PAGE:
Safe passage for butterflies
The lonely Mission Blues of Twin Peaks aren’t the only butterflies that are essentially living on an island in a sea of city. The Green Hairstreak butterfly, a dashing, shimmery green, nickel-sized insect, now lives in just three parks in San Francisco. It’s a grassland butterfly; it would have flown from hilltop to hilltop before concrete blocked its path.
Local lepidopterist Liam O’Brien decided to do something about it, and last weekend I joined his tour of the Green Hairstreak Corridor. Working with non-profit Nature in the City, and with people who–many of them unwittingly–share a neighborhood with the butterflies, he’s planted the native plants the Green Hairstreak caterpillars eat along sidewalks and in medians. He’s trying to link two of the remaining populations, giving them a better shot at survival.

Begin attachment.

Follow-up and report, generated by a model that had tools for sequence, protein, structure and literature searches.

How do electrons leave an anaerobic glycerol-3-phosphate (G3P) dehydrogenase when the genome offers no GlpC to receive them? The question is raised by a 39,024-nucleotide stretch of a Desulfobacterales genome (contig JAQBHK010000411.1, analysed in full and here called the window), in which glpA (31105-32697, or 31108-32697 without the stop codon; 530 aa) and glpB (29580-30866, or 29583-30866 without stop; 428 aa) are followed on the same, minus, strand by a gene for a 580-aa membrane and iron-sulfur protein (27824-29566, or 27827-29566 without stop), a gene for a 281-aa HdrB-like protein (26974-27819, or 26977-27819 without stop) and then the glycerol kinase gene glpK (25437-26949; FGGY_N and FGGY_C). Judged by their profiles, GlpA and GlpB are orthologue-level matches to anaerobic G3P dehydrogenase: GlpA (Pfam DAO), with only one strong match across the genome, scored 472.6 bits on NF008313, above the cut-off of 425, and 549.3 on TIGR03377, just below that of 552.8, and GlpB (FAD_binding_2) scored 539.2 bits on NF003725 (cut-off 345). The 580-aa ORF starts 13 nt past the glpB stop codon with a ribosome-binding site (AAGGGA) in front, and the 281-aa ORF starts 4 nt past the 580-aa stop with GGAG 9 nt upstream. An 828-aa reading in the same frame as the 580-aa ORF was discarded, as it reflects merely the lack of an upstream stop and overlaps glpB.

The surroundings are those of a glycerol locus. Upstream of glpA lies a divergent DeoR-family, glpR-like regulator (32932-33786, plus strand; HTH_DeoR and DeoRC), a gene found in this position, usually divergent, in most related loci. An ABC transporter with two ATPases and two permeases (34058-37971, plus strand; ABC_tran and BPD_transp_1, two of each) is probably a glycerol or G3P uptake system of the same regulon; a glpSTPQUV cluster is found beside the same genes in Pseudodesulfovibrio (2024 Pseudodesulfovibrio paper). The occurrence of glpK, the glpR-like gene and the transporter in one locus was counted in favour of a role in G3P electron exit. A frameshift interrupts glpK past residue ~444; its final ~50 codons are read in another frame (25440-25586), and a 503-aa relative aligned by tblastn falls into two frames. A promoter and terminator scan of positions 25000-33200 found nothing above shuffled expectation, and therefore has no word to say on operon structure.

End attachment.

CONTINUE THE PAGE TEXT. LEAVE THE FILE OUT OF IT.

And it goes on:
Green Hairstreak larvae only eat two plants: deer brush and coastal buckwheat.
O’Brien says San Francisco is most well known as the county that lost a butterfly: the Xerces Blue, a San Francisco native, was the first butterfly to go extinct in the U.S. because of urban development. He says he doesn’t know if this project will work, but that he just wants to try.
And…you probably noticed there are no pictures of the butterflies themselves here. I can’t claim to be much of a wildlife photographer. Nature in the City has nice pictures on their site, though.